Discount Carriers Revive Bus Industry

If all you did was follow the headlines, you'd think it's been a lousy summer for the bus industry. In July, Greyhound made news when a Canadian man was decapitated by a fellow passenger on a bus trip to Winnipeg. A week later a bus in Texas drove off a bridge, killing 17 people. And, of course, swollen gas prices must be ruining the industry's bottom line, right?

In fact, the bus biz is enjoying a renaissance. Ridership is up for the first time since 1960, thanks to the rise of discount carriers such as Megabus, and Greyhound's BoltBus. With cheap fares and slick new buses equipped with Wi-Fi and electrical outlets, companies have lured travelers looking for a dependable ride on someone else's gas dime. And no dingy bus stations: the new carriers offer strictly curbside pickup.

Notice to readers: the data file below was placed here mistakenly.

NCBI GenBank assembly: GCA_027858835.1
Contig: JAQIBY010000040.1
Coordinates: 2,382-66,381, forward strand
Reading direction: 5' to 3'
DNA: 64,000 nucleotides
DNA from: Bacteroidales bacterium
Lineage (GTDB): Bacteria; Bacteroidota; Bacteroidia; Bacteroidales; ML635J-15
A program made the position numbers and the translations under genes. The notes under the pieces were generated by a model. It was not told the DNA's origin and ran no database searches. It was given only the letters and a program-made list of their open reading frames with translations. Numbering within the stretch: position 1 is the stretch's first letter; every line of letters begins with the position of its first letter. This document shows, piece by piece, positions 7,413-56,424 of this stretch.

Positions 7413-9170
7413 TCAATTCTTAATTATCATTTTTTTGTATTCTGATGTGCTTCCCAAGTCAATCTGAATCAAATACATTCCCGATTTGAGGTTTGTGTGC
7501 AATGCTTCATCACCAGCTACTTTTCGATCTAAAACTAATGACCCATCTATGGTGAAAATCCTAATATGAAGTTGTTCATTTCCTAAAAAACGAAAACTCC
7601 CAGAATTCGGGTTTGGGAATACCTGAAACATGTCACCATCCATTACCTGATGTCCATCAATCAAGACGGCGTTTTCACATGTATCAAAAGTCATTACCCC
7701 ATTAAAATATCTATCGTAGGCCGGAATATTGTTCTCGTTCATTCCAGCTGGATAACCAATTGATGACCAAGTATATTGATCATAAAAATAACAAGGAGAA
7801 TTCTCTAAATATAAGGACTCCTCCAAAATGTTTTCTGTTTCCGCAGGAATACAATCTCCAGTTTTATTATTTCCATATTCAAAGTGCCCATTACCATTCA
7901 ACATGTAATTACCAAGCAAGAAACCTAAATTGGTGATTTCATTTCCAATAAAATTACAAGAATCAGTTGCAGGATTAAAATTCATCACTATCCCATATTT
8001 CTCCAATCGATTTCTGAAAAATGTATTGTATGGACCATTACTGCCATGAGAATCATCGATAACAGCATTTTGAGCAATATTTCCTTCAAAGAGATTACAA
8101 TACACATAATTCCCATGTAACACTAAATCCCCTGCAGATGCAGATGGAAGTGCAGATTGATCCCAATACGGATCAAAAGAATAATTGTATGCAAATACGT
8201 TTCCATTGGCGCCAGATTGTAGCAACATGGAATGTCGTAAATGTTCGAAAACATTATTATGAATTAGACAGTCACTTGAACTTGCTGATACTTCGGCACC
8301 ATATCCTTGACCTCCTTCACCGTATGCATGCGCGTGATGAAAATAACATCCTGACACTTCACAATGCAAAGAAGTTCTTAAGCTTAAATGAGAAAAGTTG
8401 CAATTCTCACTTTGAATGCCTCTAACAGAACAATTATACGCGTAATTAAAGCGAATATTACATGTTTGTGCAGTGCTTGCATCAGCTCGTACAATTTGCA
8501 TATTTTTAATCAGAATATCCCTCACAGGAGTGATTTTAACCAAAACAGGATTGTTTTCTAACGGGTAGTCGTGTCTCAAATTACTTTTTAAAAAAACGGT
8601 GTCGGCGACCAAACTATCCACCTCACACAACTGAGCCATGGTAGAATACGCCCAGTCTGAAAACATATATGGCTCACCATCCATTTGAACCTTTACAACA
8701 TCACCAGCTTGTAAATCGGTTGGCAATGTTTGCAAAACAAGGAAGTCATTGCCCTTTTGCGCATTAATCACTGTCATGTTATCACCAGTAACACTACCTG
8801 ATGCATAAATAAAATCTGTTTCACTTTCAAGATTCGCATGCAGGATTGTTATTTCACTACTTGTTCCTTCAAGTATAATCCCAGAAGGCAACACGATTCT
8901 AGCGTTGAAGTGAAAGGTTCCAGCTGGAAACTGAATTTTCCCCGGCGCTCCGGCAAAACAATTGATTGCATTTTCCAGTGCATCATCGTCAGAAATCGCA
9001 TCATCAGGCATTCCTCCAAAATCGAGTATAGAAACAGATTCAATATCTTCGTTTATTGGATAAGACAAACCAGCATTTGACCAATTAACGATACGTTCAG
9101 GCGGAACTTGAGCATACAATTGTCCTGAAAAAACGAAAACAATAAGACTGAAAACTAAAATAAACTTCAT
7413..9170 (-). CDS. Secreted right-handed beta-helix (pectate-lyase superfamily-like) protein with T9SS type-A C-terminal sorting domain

"We're remaking the image of the bus," says Megabus president Dale Moser, whose company offers Web fares as cheap as $1. In May it expanded from the Midwest into the jampacked Northeast corridor, which already has 12 passenger-bus lines. "I don't think they'll all survive," says DePaul University transportation professor Joe Schwieterman. "It's never been this competitive." Or this cozy.